There are library books on the shelves at the far end of the room. The majority of them are textbooks some of which the older students ask to use for their homework. But I have found that there are very few books for recreational reading and the few that I do find are on a shelf behind the librarian’s desk. The children are required to ask the librarian for the book that they want. They are not allowed to browse the shelves and select material for themselves.

I have had a brief look at the book collection and I’ve discovered that most of the books are very old and that there are very few titles that I would consider recreational reading. The librarian, Jhovana, is friendly and helpful, and seems to have a good rapport with the children. Unfortunately people employed as librarians have very little training in library work and Jhovana’s role seems to be more about opening and shutting the library and keeping the kids from being too rowdy. She does seem to be very keen to try new things and already has agreed to move the small collection of recreational reading to a shelf where the children can reach them and select a book for themselves.

After a brief look at the collection I selected about 35 fiction for this shelf. Most of them are younger children’s picture books and as yet I haven’t discovered any fiction for older students. There is an order for new books in the pipeline but as yet it has to be signed off by the council and then the books ordered and delivered. I have noticed that the children are only interested in playing with the game sin the library and that apart from older students using the library for doing their homework, there is no actual reading of books happening.

This week I’ve come back to Sucre for a night to catch up with Biblioworks staff. It’s been very helpful to talk to them about the challenges of Tarabuco Library and we’ve come up with a few ideas and strategies that may help increase the reading activity in the library.

Obtaining new and appropriate reading material for the library would be my first priority as without books that are suitable and look inviting to read it is doubtful that a culture of reading for fun can be built up. I have discovered that the younger children love to draw and giving them a drawing activity has been a wonderful way to get to know them.

It’s been a busy first week. On my second day in Tarabuco I went by trufi (minivan with 16 or 17 passengers) back towards Sucre to the town of Yamaperez where Biblioworks held a display as part of an event for Dia el Nino (Day of the Child). This was followed that afternoon by an event held in Tarabuco for the children there. It was a wonderful clown and magic show held in the central plaza. Great fun for all!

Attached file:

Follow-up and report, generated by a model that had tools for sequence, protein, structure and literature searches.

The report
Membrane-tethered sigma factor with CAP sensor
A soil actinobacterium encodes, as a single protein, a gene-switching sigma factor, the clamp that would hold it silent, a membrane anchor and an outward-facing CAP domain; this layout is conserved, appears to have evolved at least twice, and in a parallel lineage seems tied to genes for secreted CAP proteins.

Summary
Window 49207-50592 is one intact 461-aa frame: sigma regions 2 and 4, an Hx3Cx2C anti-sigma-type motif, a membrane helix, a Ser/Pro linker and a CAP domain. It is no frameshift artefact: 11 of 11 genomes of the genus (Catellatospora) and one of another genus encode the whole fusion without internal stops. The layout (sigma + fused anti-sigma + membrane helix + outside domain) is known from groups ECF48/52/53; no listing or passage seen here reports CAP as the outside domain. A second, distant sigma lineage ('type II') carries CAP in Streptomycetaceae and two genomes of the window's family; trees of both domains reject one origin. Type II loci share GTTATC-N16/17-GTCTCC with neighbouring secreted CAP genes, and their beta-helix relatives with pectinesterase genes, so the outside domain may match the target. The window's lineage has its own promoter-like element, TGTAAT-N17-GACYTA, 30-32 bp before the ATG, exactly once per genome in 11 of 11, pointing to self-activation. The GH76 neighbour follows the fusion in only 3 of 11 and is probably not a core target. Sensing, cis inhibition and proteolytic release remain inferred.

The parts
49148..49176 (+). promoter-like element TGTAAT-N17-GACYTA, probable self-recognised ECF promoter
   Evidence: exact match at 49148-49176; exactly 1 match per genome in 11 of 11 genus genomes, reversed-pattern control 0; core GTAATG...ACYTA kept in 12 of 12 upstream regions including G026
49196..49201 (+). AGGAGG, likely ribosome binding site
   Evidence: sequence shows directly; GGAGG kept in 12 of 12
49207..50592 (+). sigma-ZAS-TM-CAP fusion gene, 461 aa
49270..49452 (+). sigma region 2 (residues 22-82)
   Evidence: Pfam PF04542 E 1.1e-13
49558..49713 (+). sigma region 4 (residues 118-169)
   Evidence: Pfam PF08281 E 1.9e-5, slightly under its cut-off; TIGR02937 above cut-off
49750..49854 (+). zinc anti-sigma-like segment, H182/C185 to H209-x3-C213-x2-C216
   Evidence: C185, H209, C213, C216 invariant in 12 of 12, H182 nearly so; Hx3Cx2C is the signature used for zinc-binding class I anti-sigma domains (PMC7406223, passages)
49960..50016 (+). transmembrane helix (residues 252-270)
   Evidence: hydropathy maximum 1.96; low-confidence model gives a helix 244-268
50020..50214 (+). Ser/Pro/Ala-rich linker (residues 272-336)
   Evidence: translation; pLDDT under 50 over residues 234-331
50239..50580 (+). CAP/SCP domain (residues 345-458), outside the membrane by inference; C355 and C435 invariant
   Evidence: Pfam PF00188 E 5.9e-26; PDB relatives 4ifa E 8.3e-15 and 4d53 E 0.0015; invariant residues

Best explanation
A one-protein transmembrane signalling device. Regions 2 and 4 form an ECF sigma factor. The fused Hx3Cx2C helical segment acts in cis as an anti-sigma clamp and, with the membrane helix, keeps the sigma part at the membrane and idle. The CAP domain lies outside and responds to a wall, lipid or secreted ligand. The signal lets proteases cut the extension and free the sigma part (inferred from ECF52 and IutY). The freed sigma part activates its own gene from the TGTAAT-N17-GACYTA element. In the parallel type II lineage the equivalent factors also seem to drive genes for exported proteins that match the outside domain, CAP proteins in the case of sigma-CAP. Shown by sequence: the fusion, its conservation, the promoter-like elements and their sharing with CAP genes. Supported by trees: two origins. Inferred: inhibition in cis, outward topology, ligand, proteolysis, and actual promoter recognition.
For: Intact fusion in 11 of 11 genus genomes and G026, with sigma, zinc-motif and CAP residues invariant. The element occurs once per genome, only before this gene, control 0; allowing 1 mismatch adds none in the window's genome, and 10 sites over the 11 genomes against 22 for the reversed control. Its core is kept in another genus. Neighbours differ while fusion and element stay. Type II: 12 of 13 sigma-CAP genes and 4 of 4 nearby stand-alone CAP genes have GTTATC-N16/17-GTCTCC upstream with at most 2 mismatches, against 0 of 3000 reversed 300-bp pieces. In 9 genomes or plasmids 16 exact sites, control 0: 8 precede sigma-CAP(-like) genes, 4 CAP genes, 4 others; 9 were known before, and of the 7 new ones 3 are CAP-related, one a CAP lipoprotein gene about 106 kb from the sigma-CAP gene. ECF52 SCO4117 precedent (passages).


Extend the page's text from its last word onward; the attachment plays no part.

Apart from that I’ve been able to walk in the surrounding countryside for a couple of hours each day as the library doesn’t open until 2pm. The walking has been wonderful. despite the altitude of Tarabuco is 3,200m so it’s quite high up. Apart from puffing a fair bit when walking uphill I’ve found the walking to be really enjoyable. It’s been a  great way to see a bit of the lifestyle of the people living in the countryside around the town.



P1010267Sucre – city of hills and churches. Wonderful city, full of history, beautiful architecture, and friendly people.

Sucre has been a lovely place to stop for a few days and draw breath. Although I haven’t been sitting around the whole time. After arriving at 9am on Friday I got a taxi to the hostal. Lovely hostal but I was somewhat disconcerted to find my room was on the first floor and I had two 20kg suitcases to lug up the stairs. That certainly made me puff. The altitude here in Sucre hasn’t affected me much but the dry air certainly has. Once I worked out that the dry air plays hell with your sinuses then I was able to do something about it. I was pleased to have flown in so early in the morning as every day since I’ve been here there has been huge lightning and thunder storms in the late afternoon that last for 4 or 5 hours or more. A few heavy downpours of rain but mostly just really loud thunder and huge sheets of lightning.

Friday morning I arrived at the Biblioworks office just in time for breakfast with the staff and other volunteers that were there. Very welcoming and friendly group although I felt somewhat nervous at my very beginner level Spanish. In the afternoon I joined them at the Friday reading session at the central plaza. Great to be involved straight away and when I struggled to read a simple picture book to a child I found that he was able to read it himself with a bit of help from me on the longer words. The plaza is a wonderful place to sit and watch a sample of life in Sucre. Huge contrasts between the working children who were there after school to sell things to contribute a few pesos to their family’s income and the children from obviously wealthier families who are very well dressed and well cared for.